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I have been in this problem for long time and I want to know how it's done in real / big companies project?

Suppose I have the project to build a website. Now I divide the project into sub tasks and do it.

But you know that suppose I have task1 in hand like export the page to pdf. Now I spend 3 days to do that , came across various problems, many Stack Overflow questions and in the end I solve it.

Now 4 months after someone told me that there is some error in the code.

Now by that I completely forgot about (60%) of how I did it and why I do this way. I document the code but I can't write the whole story of that in the code.

Then I have to spend much time on code to find what was the problem so that I added this line etc.

I want to know that is there any way that i can log steps in completing the project. So that I can see how I end up with code, what errors I got, what questions I asked on SO and etc.

How people do it in real time? Which software to use?

I know in our project management software called JIRA we have tasks but that does not cover what steps I took to solve that tasks.

What is the best way so that when I look back at my 2 year old project, I know how I solve particular task?

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marked as duplicate by gnat, GlenH7, MichaelT, Kilian Foth, Bart van Ingen Schenau Aug 2 '13 at 14:17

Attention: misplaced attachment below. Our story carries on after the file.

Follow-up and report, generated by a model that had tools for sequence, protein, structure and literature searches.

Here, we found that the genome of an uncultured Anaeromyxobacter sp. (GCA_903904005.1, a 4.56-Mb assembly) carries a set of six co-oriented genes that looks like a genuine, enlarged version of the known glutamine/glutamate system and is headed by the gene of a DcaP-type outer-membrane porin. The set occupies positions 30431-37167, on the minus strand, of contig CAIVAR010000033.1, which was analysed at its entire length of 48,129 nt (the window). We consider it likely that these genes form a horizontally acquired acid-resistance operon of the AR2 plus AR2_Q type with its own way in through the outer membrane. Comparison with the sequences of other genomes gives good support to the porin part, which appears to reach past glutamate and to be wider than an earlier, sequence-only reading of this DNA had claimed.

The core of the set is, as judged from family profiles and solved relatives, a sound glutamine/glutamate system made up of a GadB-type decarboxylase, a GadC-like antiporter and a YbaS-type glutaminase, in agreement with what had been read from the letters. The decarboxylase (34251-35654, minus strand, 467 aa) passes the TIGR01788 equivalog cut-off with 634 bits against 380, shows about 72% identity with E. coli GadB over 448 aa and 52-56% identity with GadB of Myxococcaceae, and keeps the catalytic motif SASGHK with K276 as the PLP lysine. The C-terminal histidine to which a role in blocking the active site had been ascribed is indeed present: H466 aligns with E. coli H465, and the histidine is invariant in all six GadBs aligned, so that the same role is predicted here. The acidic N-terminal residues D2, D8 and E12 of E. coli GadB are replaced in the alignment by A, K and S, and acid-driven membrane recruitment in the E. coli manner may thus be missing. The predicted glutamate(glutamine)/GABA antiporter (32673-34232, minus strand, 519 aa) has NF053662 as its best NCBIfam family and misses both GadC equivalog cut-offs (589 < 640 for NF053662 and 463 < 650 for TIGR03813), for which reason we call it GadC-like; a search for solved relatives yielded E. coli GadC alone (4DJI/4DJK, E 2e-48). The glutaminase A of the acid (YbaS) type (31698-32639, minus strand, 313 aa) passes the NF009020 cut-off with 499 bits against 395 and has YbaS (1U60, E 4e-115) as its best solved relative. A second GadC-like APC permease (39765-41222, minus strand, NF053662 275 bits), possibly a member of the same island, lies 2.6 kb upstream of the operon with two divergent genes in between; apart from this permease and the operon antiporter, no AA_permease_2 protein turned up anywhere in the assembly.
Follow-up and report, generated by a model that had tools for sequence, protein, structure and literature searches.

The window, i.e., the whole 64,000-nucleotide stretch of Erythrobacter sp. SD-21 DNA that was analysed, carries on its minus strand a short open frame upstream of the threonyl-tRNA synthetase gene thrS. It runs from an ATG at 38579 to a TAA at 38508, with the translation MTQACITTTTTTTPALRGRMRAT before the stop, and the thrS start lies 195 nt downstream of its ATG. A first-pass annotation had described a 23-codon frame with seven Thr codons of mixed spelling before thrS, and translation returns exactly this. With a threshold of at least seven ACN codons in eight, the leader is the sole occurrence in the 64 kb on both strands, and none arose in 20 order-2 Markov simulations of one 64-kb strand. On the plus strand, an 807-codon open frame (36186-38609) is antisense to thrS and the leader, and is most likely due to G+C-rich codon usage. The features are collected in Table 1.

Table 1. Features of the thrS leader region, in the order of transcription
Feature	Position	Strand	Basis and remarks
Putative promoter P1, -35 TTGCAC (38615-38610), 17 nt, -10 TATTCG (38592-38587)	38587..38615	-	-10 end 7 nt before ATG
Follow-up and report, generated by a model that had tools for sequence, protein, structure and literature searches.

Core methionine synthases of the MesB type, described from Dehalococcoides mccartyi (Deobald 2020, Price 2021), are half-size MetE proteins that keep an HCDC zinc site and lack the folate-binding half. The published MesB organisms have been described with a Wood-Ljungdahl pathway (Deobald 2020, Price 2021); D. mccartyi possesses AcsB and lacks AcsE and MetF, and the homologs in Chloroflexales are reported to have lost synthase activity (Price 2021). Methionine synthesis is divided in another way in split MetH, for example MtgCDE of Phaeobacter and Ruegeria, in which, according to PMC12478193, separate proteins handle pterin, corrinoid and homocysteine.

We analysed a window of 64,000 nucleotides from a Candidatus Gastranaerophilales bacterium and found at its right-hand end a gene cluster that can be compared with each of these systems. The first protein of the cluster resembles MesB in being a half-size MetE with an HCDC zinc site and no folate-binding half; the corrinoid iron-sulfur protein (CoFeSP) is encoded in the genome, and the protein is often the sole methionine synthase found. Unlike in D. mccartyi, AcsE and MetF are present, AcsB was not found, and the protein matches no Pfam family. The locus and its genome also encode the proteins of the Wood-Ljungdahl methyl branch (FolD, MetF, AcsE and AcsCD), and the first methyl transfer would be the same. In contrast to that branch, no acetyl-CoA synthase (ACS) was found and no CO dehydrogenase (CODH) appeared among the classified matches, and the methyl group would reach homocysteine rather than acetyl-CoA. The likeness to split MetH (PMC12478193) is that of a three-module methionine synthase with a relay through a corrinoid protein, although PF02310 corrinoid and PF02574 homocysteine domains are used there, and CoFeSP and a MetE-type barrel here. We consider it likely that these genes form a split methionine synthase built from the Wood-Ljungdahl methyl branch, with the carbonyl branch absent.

This question was marked as an exact duplicate of an existing question.

If you forget what and how you did, you aren't professional enough. If you don't care about spelling in your question, the answer is still the same. – Deer Hunter Aug 1 '13 at 5:02
"JIRA... does not cover what steps I took to solve that tasks" -- that means you use it wrong. In my experience, this has been one of the most convenient tools to cover what steps I took to solve that task. Hint: learn about purpose of comments in jira – gnat Aug 1 '13 at 7:01
You keep a project diary. Use any word processing software, or better yet, a paper notebook. – Gilbert Le Blanc Aug 1 '13 at 13:10

If you are programmer, and want to remember why you wrote some piece of code(and you are very serious about it), then write unit tests(specifying the behaviour of the code) and functional tests(specifying behaviour of the modules). This will not only help you to have specifications right there with the code and also will allow you to make big changes without producing any regression issues. I can go on stating the advantages of unit and functional tests , but you will only realize their importance once you actually start writing them. Initially it will take some time writing unit tests , but trust me that will be way less painful and time consuming then solving the regression issues. And Jira do cover steps taken to make a feature , you can configure it to automatically attach commits made to solve a ticket to the ticket. In our project we have configured it in such a way that if someone is commiting code to solve a ticket say HT-121 , then every commit with "HT-121 " in it is dirctly attached to that ticket. SO what code went for what commit can always be tracked with jira.

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this post is rather hard to read (wall of text). Would you mind editing it into a better shape? – gnat Aug 8 '13 at 7:20

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